I have set my phone to block my screen usage until 8:30am, so I don’t start checking the news for the first hour or two of my day. If I am brutally honest, some mornings it leaves me twitchy and angsty and sometimes I don’t make it to 8:30. This feels ridiculous and embarrassing. I am determined to get this boundary for myself in place and I can already notice that it is beginning to get easier. It is great to have breakfast, do some stretches and prayer/meditation before my adrenaline is cranked up by the news or the latest dose of outrage on Twitter, the difference really is tangible. If you want to reduce the number of hours you give to checking news and social media on your phone why not try taking a look at your screen usage stats and decide for yourself what seems reasonable and healthy for you and set up restrictions on your phone if you feel that might be useful? These are simple, practical steps - and horribly uncomfortable at first, but give it a go and see if it helps, maybe consider it an experiment instead of something set in stone? Be curious about how it affects your mood and anxiety levels to have times of day free from doom-scrolling and feeling agitated by what you find out online? 

Practice 2

Secondly, we can ring-fence enjoyable screen-free activities with new fervour - unplugged walks, runs and bike rides without political podcasts and online interactions streaming through our earpods; mealtimes with no phones on the table; listening to music or watching films without the flicker of phone updates, times of meditation and prayer where we are free to befriend silence again? A wonderful by-product is that we become far more present to the things we enjoy and the people we are with, fully immersed and attending to the present moment rather than having our minds exhaustingly pulled about in multiple directions at once? 

Practice 3

Thirdly, you could try a very simple and short practice which has been a huge help to me. I call it the ‘The 5-Breath Pause’ and it really helps me step out of online reactivity and cool down the anxiety or frustration it so often creates. It is loosely based on the Breath Space mindfulness meditation, but I have adapted it for the specific purpose of regulating my stress response as I consume online content. Read through the practice, below, and feel free to adapt it to a shorter or longer version as suits your own needs in the moment. A couple of tweaks if you need them: if you don’t like shutting your eyes, try just softening and lowering your gaze to help you focus, and if turning your attention inwards to the breath is uncomfortable, try focusing on the grounding sensation of your feet flat on the floor or, alternatively, the sensation of air on your relaxed, gently upturned hands resting on your lap.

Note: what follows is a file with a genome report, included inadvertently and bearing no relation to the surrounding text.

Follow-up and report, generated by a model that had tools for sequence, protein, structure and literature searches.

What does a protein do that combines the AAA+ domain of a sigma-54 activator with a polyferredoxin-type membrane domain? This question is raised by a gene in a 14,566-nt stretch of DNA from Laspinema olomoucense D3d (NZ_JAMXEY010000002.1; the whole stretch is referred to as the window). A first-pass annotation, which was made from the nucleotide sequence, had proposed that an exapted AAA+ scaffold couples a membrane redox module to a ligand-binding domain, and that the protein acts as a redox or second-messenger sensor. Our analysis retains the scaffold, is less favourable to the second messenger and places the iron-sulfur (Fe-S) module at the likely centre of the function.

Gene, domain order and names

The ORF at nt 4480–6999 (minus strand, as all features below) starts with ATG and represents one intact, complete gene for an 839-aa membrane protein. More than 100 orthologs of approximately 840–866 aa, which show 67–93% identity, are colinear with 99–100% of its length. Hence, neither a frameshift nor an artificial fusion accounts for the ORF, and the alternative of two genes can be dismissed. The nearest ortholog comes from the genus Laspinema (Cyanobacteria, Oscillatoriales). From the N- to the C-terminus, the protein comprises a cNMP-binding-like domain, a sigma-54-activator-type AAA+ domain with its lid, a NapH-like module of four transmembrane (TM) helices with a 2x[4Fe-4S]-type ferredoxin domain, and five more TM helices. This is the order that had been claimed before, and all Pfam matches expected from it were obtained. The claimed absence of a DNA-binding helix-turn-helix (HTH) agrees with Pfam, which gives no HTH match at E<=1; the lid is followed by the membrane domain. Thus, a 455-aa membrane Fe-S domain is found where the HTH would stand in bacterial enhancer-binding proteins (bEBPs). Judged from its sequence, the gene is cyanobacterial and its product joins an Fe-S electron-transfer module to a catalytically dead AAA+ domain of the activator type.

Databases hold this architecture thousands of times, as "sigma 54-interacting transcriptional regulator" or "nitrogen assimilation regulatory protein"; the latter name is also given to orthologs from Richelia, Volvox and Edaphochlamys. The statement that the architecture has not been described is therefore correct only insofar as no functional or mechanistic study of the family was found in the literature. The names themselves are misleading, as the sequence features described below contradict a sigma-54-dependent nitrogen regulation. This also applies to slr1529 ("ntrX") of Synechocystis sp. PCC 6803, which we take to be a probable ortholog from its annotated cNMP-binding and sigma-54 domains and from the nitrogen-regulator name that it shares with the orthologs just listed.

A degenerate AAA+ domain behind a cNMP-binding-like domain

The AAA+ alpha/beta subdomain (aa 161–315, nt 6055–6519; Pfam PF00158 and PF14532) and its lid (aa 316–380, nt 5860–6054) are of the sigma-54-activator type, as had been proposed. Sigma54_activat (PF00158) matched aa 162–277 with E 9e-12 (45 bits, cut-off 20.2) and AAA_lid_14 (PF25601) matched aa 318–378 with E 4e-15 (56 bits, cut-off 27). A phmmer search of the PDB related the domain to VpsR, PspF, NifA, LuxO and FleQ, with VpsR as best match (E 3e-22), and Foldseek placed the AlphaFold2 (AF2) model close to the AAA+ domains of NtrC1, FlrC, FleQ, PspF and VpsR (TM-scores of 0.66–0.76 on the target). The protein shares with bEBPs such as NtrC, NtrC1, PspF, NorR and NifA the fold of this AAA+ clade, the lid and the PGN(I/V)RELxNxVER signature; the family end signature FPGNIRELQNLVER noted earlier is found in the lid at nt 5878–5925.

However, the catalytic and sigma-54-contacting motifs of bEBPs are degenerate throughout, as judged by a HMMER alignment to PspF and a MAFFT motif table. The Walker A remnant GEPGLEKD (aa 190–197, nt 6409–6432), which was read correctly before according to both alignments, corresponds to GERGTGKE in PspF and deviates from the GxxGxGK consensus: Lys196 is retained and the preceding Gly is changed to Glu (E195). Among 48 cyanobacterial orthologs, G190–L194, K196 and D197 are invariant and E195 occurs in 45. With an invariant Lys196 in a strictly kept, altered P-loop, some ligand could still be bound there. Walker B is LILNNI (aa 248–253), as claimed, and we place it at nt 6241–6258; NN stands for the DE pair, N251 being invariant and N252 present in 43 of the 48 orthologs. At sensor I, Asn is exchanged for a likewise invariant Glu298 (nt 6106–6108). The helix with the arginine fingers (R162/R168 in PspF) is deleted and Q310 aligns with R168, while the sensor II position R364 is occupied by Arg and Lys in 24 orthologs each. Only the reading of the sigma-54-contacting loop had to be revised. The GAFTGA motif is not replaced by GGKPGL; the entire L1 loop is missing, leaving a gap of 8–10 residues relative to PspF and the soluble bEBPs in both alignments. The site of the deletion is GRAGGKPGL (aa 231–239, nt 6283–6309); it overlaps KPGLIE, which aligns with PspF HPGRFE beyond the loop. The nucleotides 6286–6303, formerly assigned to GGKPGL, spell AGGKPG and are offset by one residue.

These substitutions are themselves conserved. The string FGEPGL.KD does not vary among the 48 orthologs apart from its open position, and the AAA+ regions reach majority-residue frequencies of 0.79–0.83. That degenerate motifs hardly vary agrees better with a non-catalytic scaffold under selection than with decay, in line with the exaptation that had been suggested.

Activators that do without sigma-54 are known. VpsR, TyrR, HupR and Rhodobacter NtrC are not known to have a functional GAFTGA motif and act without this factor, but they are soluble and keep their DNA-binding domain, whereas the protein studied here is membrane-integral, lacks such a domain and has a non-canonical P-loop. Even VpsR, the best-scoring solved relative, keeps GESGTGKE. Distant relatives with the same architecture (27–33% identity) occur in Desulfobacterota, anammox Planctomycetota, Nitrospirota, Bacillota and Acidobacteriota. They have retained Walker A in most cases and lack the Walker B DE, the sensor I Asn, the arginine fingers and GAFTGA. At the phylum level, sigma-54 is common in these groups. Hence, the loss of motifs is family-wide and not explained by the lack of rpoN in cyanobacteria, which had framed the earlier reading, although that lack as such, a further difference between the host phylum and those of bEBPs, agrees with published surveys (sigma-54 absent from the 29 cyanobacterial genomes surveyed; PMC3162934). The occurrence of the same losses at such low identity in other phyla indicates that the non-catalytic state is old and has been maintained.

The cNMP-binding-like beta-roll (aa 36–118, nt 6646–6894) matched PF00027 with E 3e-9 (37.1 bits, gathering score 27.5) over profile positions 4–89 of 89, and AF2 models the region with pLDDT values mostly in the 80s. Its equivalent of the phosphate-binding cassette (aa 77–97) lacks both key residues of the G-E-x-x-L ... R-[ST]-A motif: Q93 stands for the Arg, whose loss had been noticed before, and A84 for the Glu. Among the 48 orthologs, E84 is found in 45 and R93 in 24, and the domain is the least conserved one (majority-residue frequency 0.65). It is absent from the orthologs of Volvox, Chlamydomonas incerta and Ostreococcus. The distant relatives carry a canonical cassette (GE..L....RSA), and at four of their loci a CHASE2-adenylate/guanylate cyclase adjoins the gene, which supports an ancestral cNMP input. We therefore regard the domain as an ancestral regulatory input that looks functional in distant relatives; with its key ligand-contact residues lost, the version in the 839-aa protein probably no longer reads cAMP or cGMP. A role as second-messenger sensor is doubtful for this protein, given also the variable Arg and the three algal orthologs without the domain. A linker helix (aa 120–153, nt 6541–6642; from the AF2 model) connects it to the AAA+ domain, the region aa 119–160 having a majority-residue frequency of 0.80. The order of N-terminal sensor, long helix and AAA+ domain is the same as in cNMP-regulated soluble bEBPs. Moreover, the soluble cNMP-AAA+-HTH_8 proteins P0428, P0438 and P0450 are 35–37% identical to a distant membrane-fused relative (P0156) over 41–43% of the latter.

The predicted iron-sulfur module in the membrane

So, imagine: You have just read something infuriating or anxiety-producing online and you can feel your adrenaline spike and your reactivity soar, perhaps you are ready to pounce back with a defensive or outraged response or re-tweet some scary-sounding new set of data or news story. Or maybe you are more likely just to spiral into your own well of anxiety or despondency, perhaps get lost in minutes of swirling fear or hot fury? But this time, pause. Resist your cortisol-spiked response for just a minute or two, you can always go back and respond any way you wish, but give yourself the gift of this pause first. Then for those beautiful, intentional couple of minutes put away your mobile device. Then you might want to give yourself a quick stretch, maybe roll your shoulders if you feel very tense and constricted. If it is ok to do so, close your eyes and, with friendly curiosity, ask yourself these three straightforward questions: What am I thinking right now? What am I feeling right now? What are the sensations in my physical body right now? Try and name them as accurately as you can, seeing them as passing states being experienced rather than who you are (ie I am feeling anxious or angry rather than I am anxious or I am angry). By doing this you are getting in the habit of observing your reactions rather than being pushed around by them or overly grasped by them. Try very hard not to either judge yourself for what you feel or to sugar-coat or deny what is going on for you - it just is what it is and you are a normal human that feels all sorts of things, so that is ok. This could take less than a minute or as long as you need.